Tuesday, September 16, 2008

OMNI's Constitution Day

From: Omnicenter Communications (omninews@listserv.uark.edu) on behalf of Dick Bennett (jbennet@uark.edu)
Sent: Tue 9/16/08 10:30 AM



I bought the book for its intriguing subtitle: The Art of War for the Antiwar Movement. Ritter employs Sun Tzu’s The Art of War, General Carl von Clausewitz’s On War, the Marine Corps’ Warfighting, and firefighters’ core values as partial foundations for his critique of the peace movement. They are a bizarre combination for a book on peacemaking, but I found the book fascinating, and his text is only 99 pages long.

I say his text, because 26 pages reproduce the complete text of the U. S. Constitution (and the entire U.N. Charter is given too). That’s understandable, for the U.S. Constitution is the heart of the book as the repository, he believes, of U.S. core values. Here is a key passage from chapter 2: “I couldn’t think of a better core value for the progressive movement …than the ideals and values that are set forth in the Constitution….this document defines who we are what we are as a people. Its preamble, beginning as it does with the words, ‘We the People,’ provides both the certificate of ownership of the ideals and values for all Americans and the call for each American citizen to live up to the challenge of government ‘of the people, by the people, and for the people,’ as so eloquently stated by President Abraham Lincoln in his Gettysburg Address” (24).

In a later chapter, when he applies the warfighting sources listed in my first paragraph, he begins with the Constitution. What is to be our affirmation? The Constitution. The strategy, the operation, and the tactics of war and therefore of peace are or should be designed to defend the Constitution.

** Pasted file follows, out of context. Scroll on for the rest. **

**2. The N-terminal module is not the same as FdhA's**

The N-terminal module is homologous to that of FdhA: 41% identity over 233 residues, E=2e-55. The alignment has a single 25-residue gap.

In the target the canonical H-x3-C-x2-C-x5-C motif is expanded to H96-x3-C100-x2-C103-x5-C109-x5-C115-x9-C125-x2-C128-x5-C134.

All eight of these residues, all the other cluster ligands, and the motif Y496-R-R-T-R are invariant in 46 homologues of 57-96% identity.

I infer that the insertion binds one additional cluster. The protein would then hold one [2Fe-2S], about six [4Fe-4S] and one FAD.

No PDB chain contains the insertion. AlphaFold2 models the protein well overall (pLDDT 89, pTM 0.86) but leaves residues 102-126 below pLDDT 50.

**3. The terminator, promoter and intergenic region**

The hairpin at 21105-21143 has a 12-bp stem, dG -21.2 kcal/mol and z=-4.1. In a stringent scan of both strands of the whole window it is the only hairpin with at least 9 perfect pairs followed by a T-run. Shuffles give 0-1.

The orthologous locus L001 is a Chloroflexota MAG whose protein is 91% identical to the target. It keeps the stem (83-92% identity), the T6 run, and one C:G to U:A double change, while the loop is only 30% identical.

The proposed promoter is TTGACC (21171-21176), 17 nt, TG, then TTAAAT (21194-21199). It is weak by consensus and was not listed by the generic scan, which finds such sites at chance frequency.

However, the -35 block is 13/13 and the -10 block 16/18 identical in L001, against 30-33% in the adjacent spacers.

But how, more specifically does the Constitution apply to OMNI’s mission to promote world peace and justice? Article VI is our rock: “The Constitution, and the Laws of the United States…and all Treaties made, or which shall be made, under the Authority of the United States, shall be the supreme Law of the Land; and the Judges in every State shall be bound thereby….”

All treaties. All judges. All of the treaties via the United Nations signed and ratified by the U.S. are the law, are laws to be obeyed by judges. According to the Constitution, Article VI, the Charter of the United Nations, when it was ratified and signed as a treaty, was incorporated into the supreme law of the land which we are bound to uphold and defend. And what does the peacemaking Charter say? Read, for example, Chapter 1, Article 2, Sections 3 and 4: 3. “All Members shall settle their international disputes by peaceful means in such a manner that international peace and security, and justice, are not endangered. 4. All Members shall refrain in their international relations from the threat or use of force against the territorial integrity or political independence of any state, or in any other manner inconsistent with the Purposes of the United Nations.” Think of this.